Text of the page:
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March 8, 2024

Sale of CT apartment complex tests state’s no-fault eviction law

SHAHRZAD RASEKH / CT MIRROR NormaJean Nilo, Sharie Potter, Susan Love, and Terry Nilo converse while entering one of the buildings that makes up Brookside.

Every time Terry Nilo comes home from work, he peers out of his truck window at the front door of his apartment, trying to catch a glimpse of any paperwork from the courts that might be waiting for him.

“I used to come home before Norma from work, and every day —” he said, his voice trailing off as he glanced at the open door.

“Every day you check it for that note,” his wife, NormaJean Nilo said, finishing his sentence. Terry nodded.

“First thing I do when I get home is I open up the screen door to see if there’s a notice to quit,” Terry Nilo said, using the formal term for an eviction notice. “It’s getting pretty stressful when you just don’t know.”

The Nilos are among the longtime residents of the Brookside Apartments in Woodstock who are in fear of losing their housing now that a new owner has taken over the 14-unit apartment complex. Over the years, the tenants have formed a tight-knit community. UpRealty, a New York-based real estate investment and management company, bought the apartments in 2022 for $1.35 million, property records show.

The company has started renovations on units as residents move out. Last year, they told a number of tenants to move out. Many who remained were then told that they needed to leave by the end of February, although no formal legal process had been initiated.

Current tenants say they fear the company is trying to get everyone out so they can raise rents on vacated and renovated units.

The Nilos, like most of the residents at Brookside, are protected by Connecticut state law against lapse-of-time evictions, or evictions that occur when a lease runs out. Current law protects people 62 and older and people with disabilities from evictions of this type.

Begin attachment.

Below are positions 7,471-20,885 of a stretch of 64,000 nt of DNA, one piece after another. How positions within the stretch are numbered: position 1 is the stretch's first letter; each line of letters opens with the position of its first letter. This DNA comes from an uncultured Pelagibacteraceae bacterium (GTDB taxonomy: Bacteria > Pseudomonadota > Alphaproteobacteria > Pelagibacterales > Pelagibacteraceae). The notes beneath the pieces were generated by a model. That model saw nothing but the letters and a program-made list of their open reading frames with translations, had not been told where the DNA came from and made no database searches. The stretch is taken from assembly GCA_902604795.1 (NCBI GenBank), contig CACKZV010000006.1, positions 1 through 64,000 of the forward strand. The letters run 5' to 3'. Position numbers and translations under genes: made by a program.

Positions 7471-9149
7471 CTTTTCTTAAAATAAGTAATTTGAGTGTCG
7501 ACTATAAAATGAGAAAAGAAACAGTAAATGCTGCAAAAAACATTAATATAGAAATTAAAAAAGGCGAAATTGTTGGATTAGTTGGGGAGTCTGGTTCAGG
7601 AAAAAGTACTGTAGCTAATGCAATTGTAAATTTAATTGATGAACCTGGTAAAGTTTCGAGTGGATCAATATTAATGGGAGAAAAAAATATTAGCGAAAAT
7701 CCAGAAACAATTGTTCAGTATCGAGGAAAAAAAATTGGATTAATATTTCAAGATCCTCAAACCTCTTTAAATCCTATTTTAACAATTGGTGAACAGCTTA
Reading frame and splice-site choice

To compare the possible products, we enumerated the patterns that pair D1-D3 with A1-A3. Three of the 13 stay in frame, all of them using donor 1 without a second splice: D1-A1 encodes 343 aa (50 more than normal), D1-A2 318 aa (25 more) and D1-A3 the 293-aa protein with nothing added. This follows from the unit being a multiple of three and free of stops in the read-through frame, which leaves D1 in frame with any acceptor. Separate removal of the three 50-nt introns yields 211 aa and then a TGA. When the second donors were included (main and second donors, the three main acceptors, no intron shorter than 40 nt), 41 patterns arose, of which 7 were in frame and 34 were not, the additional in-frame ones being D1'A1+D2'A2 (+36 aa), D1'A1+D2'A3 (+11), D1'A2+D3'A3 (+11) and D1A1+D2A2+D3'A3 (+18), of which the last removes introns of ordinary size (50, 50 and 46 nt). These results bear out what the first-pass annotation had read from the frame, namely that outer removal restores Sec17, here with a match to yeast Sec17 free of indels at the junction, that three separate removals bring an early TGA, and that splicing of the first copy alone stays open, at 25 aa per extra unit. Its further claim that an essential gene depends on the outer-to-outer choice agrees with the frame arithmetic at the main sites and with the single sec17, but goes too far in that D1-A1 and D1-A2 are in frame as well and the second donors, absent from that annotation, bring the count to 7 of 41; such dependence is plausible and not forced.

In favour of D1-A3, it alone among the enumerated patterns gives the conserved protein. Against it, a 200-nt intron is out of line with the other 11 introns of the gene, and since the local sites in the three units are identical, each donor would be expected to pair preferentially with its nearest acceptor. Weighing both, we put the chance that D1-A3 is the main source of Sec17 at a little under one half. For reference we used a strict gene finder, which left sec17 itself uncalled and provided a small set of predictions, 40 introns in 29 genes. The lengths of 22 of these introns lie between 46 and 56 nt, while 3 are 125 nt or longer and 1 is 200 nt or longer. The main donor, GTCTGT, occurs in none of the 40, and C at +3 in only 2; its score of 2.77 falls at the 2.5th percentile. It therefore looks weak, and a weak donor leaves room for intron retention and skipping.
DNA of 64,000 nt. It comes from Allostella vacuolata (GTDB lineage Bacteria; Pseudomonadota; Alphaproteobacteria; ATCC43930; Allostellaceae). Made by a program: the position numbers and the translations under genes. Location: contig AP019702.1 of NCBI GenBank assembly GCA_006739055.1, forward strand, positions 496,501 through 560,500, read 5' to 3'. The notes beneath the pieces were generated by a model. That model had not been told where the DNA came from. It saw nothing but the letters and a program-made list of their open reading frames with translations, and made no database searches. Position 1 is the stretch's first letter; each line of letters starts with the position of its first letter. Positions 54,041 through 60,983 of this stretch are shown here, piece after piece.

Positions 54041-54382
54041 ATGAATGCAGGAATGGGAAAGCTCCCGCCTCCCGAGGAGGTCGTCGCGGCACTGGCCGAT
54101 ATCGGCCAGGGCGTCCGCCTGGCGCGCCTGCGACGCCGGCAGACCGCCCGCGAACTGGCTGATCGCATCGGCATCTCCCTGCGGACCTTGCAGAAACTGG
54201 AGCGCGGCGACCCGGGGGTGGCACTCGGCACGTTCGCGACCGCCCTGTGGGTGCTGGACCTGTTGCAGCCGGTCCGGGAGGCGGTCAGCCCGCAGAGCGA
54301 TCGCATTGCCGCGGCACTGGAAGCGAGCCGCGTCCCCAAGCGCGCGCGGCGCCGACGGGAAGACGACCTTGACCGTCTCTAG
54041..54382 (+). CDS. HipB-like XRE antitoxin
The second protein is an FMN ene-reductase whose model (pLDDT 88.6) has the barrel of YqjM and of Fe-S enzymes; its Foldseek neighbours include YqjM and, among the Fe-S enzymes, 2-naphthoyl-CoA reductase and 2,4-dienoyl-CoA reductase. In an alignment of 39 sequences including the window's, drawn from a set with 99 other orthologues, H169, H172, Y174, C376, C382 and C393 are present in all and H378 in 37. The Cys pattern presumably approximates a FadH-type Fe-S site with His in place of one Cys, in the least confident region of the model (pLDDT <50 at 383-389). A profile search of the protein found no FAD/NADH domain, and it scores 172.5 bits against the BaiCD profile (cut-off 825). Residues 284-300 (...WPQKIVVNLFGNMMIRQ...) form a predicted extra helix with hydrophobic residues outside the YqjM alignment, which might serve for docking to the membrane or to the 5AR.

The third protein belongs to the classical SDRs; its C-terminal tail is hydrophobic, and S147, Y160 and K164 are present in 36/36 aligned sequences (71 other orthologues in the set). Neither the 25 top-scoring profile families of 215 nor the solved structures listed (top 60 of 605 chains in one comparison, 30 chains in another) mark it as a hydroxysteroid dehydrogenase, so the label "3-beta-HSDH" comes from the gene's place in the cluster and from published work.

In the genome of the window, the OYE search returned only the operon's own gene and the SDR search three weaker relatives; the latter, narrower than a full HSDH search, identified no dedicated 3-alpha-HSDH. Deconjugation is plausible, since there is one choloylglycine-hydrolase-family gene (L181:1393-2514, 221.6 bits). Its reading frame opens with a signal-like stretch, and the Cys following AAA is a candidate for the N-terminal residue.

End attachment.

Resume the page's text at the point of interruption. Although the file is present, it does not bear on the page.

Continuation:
The circumstances for the tenants in Woodstock is a case study in how this law works — and its gaps. Almost all of the residents are protected under the law. Some are fighting to stay under the protections.

Those who aren’t covered are planning expensive moves, and others who might have been covered moved out for fear of getting an eviction filing on their record, which can make housing hard to find.

Democrats and tenants’ rights advocates are supporting a bill this session that would ban lapse-of-time evictions for renters in apartment buildings with five or more units. The bill has been proposed in past years, and this session it’s a priority for the Senate Democratic caucus.

Landlords and some Republicans on the Housing Committee have spoken against the proposal.

Senate Bill 143, which passed through the Housing Committee last week despite stiff Republican opposition, is one of the biggest proposals that would alter the landlord-tenant relationship under debate this session. But with the increased presence of tenant unions in the state, the political winds have shifted.